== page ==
RockyLogic Ant18e

From sigrok
Jump to navigation Jump to search
RockyLogic Ant18e
RockyLogic Ant18e.png
Status planned
Channels 18
Samplerate 1GHz
Samplerate (state) 100MHz
Triggers high, low, rising, falling, either, dont-care, counting, duration, multi-stage
Min/max voltage 0.8V — 2.5V
Memory 8K
Compression ?

The RockyLogic Ant18e is a USB-based, 18-channel logic analyzer with up to 1GHz sampling rate.

See RockyLogic_Ant18e/Info for more details (such as lsusb -vvv output) about the device.


  • Xilinx XC3S200 (FPGA)
  • Xilinx XC9572XL (CPLD)
  • FTDI FT245RL (USB FIFO device)
  • IDT 501MLF (clock multiplier)
  • 25MHz crystal


TODO: Device, back; chip closeups.


The protocol for Ant8 / Ant16 / Ant18e seems to be very similar, so this section documents all variants.

Since the device uses an FTDI chip for USB communication with the host, the common endpoint configuration for devices like this is used: endpoint 1 for device-to-host communication, and endpoint 2 for host-to-device.

FPGA bitstreams

There is one "base" FPGA bitstream which likely implements the "quick sample mode" explained below. This bitstream is (re-)uploaded after every sampling run.

Before a sampling run at a given sampling rate, a special bitstream is uploaded (a different one for each samplerate, it seems).

The size of a bitstream (plus metadata or other info contained in the binary data sent to the device) is 174612 bytes (Ant18e) or 56138 bytes (Ant8).

On Ant8, the FTDI chip's D0-D7 (data) pins are connected to the CPLD, and one of the CPLD pins is connected to the PROGRAM# pin of the FPGA. It's thus likely that the data sent from the host is received by the CPLD, which then writes the configuration bitstream into the FPGA via one of multiple possible methods.

The command 0x03 starts a bitstream upload; it is immediately followed by a bitstream of the size relevant to that device.


The commands 0x02 0x81 and 0x12 0x81 request the current status from the device. The response is a one-byte status code:

0x02 0x81: appears to be used in "idle" mode only.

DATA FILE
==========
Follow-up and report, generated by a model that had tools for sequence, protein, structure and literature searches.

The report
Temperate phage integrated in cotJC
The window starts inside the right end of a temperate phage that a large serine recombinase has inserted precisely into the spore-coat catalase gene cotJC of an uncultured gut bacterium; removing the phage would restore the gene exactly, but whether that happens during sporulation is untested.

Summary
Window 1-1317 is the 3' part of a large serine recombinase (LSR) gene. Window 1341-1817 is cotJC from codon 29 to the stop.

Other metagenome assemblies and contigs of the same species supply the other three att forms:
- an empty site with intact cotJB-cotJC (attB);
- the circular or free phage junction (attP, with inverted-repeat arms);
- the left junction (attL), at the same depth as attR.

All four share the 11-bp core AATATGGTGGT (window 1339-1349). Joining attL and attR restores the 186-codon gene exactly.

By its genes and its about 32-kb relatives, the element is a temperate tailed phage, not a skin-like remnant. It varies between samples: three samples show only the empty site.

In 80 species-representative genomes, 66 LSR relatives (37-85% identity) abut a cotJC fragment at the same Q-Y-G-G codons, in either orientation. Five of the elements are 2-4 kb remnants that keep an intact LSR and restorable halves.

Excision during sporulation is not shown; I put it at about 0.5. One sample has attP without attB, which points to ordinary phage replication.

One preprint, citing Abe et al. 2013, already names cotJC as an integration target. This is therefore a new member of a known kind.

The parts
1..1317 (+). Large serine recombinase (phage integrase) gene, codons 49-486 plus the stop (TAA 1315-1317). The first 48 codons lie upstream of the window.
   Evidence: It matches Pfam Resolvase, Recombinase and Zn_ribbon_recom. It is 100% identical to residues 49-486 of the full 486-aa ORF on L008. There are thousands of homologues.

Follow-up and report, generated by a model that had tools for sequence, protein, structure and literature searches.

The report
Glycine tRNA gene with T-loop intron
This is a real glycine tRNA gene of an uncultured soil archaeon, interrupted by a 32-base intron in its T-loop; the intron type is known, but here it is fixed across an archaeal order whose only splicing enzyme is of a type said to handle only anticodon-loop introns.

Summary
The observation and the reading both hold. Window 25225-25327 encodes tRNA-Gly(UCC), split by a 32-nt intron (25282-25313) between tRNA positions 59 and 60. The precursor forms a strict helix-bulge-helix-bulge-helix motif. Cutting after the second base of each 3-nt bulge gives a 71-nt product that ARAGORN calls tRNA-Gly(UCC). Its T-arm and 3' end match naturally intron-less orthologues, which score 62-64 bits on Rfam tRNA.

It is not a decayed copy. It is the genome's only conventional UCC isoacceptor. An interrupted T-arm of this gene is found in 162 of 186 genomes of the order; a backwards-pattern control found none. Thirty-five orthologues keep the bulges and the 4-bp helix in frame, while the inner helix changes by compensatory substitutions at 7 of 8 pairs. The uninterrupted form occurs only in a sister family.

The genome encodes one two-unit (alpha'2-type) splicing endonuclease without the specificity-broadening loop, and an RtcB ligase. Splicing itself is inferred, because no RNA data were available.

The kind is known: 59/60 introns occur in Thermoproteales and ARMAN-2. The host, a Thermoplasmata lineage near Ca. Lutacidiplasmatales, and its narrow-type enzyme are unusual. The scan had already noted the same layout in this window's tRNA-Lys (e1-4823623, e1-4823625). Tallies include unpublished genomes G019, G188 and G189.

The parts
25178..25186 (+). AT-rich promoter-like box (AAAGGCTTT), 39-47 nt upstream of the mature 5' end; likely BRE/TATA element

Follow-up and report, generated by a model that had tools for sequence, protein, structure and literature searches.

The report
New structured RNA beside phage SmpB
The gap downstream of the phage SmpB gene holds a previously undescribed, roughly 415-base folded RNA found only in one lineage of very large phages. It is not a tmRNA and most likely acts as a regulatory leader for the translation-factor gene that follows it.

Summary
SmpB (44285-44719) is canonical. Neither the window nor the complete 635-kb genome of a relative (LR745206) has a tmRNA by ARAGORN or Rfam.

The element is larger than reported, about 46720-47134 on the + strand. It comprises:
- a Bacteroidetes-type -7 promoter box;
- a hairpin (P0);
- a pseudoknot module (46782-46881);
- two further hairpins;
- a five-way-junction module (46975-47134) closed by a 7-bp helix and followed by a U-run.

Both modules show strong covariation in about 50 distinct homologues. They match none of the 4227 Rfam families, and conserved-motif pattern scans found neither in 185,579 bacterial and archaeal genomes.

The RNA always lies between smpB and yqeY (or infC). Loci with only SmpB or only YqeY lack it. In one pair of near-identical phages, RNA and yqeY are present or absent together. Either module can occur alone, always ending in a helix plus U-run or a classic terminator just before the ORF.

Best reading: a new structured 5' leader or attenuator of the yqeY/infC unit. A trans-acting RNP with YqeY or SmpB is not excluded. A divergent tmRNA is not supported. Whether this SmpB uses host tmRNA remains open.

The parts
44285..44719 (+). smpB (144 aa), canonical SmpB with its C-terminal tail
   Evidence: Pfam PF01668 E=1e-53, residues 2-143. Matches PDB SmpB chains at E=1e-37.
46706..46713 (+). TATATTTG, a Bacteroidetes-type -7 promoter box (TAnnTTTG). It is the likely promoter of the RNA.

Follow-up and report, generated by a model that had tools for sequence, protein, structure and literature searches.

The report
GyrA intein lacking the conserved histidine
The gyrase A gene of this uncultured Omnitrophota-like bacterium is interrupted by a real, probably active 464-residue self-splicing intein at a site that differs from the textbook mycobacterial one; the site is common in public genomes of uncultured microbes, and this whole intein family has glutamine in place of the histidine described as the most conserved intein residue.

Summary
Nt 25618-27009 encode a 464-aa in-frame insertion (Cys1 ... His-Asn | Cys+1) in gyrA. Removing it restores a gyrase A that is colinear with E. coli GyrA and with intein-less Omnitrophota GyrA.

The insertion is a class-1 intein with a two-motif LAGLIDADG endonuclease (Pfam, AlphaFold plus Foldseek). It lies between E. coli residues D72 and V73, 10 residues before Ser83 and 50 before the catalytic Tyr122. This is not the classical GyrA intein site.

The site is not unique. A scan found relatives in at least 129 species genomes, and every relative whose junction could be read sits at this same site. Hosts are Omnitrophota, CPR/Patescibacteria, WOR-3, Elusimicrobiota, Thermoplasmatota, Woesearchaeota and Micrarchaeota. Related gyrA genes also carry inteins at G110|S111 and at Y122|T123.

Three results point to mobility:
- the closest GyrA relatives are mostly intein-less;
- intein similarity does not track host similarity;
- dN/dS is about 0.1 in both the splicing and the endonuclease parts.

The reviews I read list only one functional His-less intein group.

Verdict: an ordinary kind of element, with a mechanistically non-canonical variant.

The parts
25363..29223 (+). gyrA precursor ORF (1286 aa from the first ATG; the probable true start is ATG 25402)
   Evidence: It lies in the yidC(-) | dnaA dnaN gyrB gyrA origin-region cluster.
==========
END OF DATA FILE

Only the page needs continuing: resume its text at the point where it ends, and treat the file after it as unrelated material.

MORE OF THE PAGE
• 0x0e: unknown
  • 0x08: unknown
  • 0x0b: unknown
  • 0x07: unknown

0x12 0x81: appears to be used when capturing.

  • 0x02: ?
  • 0x03: waiting for trigger?
  • 0x43: prefill?
  • 0x86: (not seen with proper trigger)
  • 0xc7: capture ready

Quick sample mode

This mode lets the host receive the status of all probes immediately. It's used by the original software to animate the "pins" display when a proper acquisition is not running.

The host sends a two-byte command (Ant18e: 0x19 0x92, Ant8: 0x19 0x88). The second bytes seems to have bit 7 always set to 1, and (some of) the remaining bits (6..0) encode the number of bytes/probes to get (18 for Ant18e, 8 for Ant8). We expect that the Ant16 uses 0x19 0x90 as command (not verified due to lack of Ant16 hardware).

The host then receives in return a number of bytes (Ant18e: 18 bytes, Ant8: 8 bytes) containing the state of all probes. Each byte has the information for one probe, encoded as follows:

  • Bits 7-3 (7-4 on Ant8): The probe ID (Ant18e: 0-17, Ant8: 0-7); shift right by 3 bits (on Ant18e), or 4 bits (on Ant8).
  • Bit 2: If 1/high, this means a falling edge occured on the respective probe(?)
  • Bit 1: If 1/high, this means a rising edge occured on the respective probe(?)
  • Bit 0: The state of the respective signal (0: low, 1: high).

Example on Ant8:

  • Host sends: 0x19 0x88
  • Host receives (for example):
    • 0x00 0x10 0x20 0x30 0x40 0x50 0x60 0x70 (all 8 probes are low)
    • 0x00 0x13 0x20 0x30 0x40 0x50 0x60 0x70 (probe 1 went from low to high == rising edge)
    • 0x00 0x11 0x20 0x30 0x40 0x50 0x60 0x70 (probe 1 is high, and was high before too)
    • 0x00 0x14 0x20 0x30 0x40 0x50 0x60 0x70 (probe 1 went from high to low == falling edge)
    • 0x00 0x10 0x20 0x30 0x40 0x50 0x60 0x70 (probe 1 is low, and was low before too)

Starting a measurement


Measurement configuration

TODO: Triggers etc.

Retrieving samples

The host simply reads all samples from the device. The samples are given in the following format:


  • There are exactly 3072 samples per run, each sample consisting of one byte, where bit 0 is the state (low/high) of probe 0, and bit 7 is the state of probe 7.
  • There is no compression or "mangling" of the sample data.

Pseudo-continuous sampling mode

The original software has a mode where it automatically does one sample run after the other. This is achieved by starting an acquisition, right after the previous one has finished. A new bitstream is only uploaded if needed, i.e., if parameters such as sampling rate are changed by the user. Otherwise only some (smaller) command/setup bytes are sent to the device.

Either way there will be data between two consecutive runs that will not be acquired/seen by the user, so this is not a "real" continuous sampling mode.